Drug companies raised the price of insulin about 10% each time a new type of insulin cleared the third and the final stages toward Food and Drug Administration approval, according to new research that sheds light on a health system that benefits companies more than patients.
In a study published March 8 in Health Economics, researchers found that from 2007 through 2015, pharmaceutical companies raised the price of existing insulin drugs about $2.35 per milliliter in the quarter after a potential competitor cleared stage-three FDA trials.
Companies then raised the price per milliliter $2 28 in the quarter after a potential competitor cleared stage-four trials. There was no significant effect when drugs cleared first- and second-stage trials — likely because they were still far from approval, the authors suggested.
New insulins — “biosimilars — ” are not equivalent to generic versions of already existing drugs. Rather, they’re insulin drugs that do the same thing existing insulins do, in a biologically different way. The process is often pointless for patients, and it’s driving up the price of life-sustaining drugs, lead author Alice Ellyson told The Academic Times.
“The vast majority of people in the U.S. health care system are on insurance, so a huge segment of the market is shielded from this price increase,” said Ellyson, an acting assistant professor in the University of Washington’s department of pediatrics.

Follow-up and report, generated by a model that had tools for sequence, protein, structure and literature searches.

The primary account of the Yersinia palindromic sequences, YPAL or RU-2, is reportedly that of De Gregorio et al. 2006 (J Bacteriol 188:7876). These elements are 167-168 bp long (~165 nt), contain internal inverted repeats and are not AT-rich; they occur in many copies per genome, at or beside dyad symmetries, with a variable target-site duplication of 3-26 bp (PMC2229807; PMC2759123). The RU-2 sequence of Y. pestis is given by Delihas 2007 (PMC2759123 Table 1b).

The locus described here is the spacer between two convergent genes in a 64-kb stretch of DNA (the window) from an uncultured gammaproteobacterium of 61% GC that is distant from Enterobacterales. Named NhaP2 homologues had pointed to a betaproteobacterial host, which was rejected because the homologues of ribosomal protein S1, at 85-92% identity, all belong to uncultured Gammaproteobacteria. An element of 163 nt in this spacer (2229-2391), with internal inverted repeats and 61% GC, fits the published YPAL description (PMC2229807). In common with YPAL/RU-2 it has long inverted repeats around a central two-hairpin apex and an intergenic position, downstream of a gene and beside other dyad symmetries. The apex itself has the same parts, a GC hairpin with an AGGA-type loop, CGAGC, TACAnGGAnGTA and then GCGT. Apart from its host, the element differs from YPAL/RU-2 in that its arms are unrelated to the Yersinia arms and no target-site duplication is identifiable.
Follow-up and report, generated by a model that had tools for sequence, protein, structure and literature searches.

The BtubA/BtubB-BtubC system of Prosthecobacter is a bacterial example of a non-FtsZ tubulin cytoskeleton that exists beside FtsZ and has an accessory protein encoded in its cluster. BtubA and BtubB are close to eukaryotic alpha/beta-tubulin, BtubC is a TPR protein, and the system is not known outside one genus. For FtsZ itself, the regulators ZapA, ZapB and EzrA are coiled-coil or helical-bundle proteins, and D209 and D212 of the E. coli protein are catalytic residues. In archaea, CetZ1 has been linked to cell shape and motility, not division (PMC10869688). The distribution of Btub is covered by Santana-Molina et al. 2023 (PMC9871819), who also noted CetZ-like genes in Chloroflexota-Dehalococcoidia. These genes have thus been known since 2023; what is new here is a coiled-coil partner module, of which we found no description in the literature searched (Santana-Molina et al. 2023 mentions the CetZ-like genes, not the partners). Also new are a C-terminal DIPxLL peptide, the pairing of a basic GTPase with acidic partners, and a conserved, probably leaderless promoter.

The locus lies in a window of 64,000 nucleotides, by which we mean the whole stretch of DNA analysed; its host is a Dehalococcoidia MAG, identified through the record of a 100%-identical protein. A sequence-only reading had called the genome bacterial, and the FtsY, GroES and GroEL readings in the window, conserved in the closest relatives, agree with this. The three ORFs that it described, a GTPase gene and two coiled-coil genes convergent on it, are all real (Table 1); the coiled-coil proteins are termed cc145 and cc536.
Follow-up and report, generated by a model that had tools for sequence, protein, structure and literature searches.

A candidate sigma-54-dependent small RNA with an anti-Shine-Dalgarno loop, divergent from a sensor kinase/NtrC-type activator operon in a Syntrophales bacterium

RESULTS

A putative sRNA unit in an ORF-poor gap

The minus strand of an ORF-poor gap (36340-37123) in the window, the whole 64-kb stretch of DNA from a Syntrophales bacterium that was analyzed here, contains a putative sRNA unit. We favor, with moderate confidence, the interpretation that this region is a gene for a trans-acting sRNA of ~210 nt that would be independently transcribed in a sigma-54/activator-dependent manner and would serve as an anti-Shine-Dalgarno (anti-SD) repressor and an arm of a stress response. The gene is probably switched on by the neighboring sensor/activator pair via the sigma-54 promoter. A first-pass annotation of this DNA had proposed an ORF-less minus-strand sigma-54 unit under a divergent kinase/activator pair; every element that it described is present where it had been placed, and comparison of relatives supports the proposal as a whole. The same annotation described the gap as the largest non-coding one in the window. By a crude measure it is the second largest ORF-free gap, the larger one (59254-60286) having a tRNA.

“But there are patients who bear the full burden of these prices. You think about people who are working class, who don’t qualify for Medicaid, but they don’t have a good enough, stable job to have insurance. And that’s really where there can be huge detrimental impacts.”
Moreover, insured patients are affected by these market forces through higher premiums, but because insurance companies diffuse the costs, they’re effectively masked from the consumers who pay them.
“Insurance companies are just like drug manufacturers: Their goal is to make money,” Ellyson said. “The way that they measure that profit-maximization problem is over a very long time horizon.
Insulin as a drug is exceptionally cost-effective. We know that it does a great job of preventing [expensive] complications, and so for an insurer, they look at insulin as a drug and say, ‘Well, it’s very cost-effective. We know that we’ll pay less in the long run. The drug manufacturer is increasing prices, and we can just pass those price mcreases on to patients.”‘
Ellyson was surprised that, even adjusted for inflation, list prices for insulin increased dramatically, from $14.67 to $61.22 — on average, a 317 3% increase — over the nine years she examined. In 28 million observations of insurance claims on existing insulins between 2007 and 2015,
Ellyson found that the mean price per milliliter was $30.46, and the highest price paid entirely by a patient was $784.93 for a milliliter. The average patient takes about 12.5 milliliters a month.
Citing the work of her co-author, University of Washington health economics professor Anirban Basu, Ellyson suggested that policymakers should consider tying drug prices to the value they have for the patient, and that prices should not be priced per milliliter.
Currently, high prices affect everyone through distributed higher costs, but they are especially burdensome to uninsured working people and to people who suddenly lose insurance after an event such as a job loss, Ellyson said. “The problem is that, in our system, that can happen to anyone,” she said. “And so we don’t have coverage for these gaps.”
The study, “Do pharmaceutical prices rise anticipating branded competition?” published March S in Health Economics, was authored by Alice M. Ellyson, University of Washington and Seattle Children ‘s Research Institute; and Anirban Basu, University OF Washington.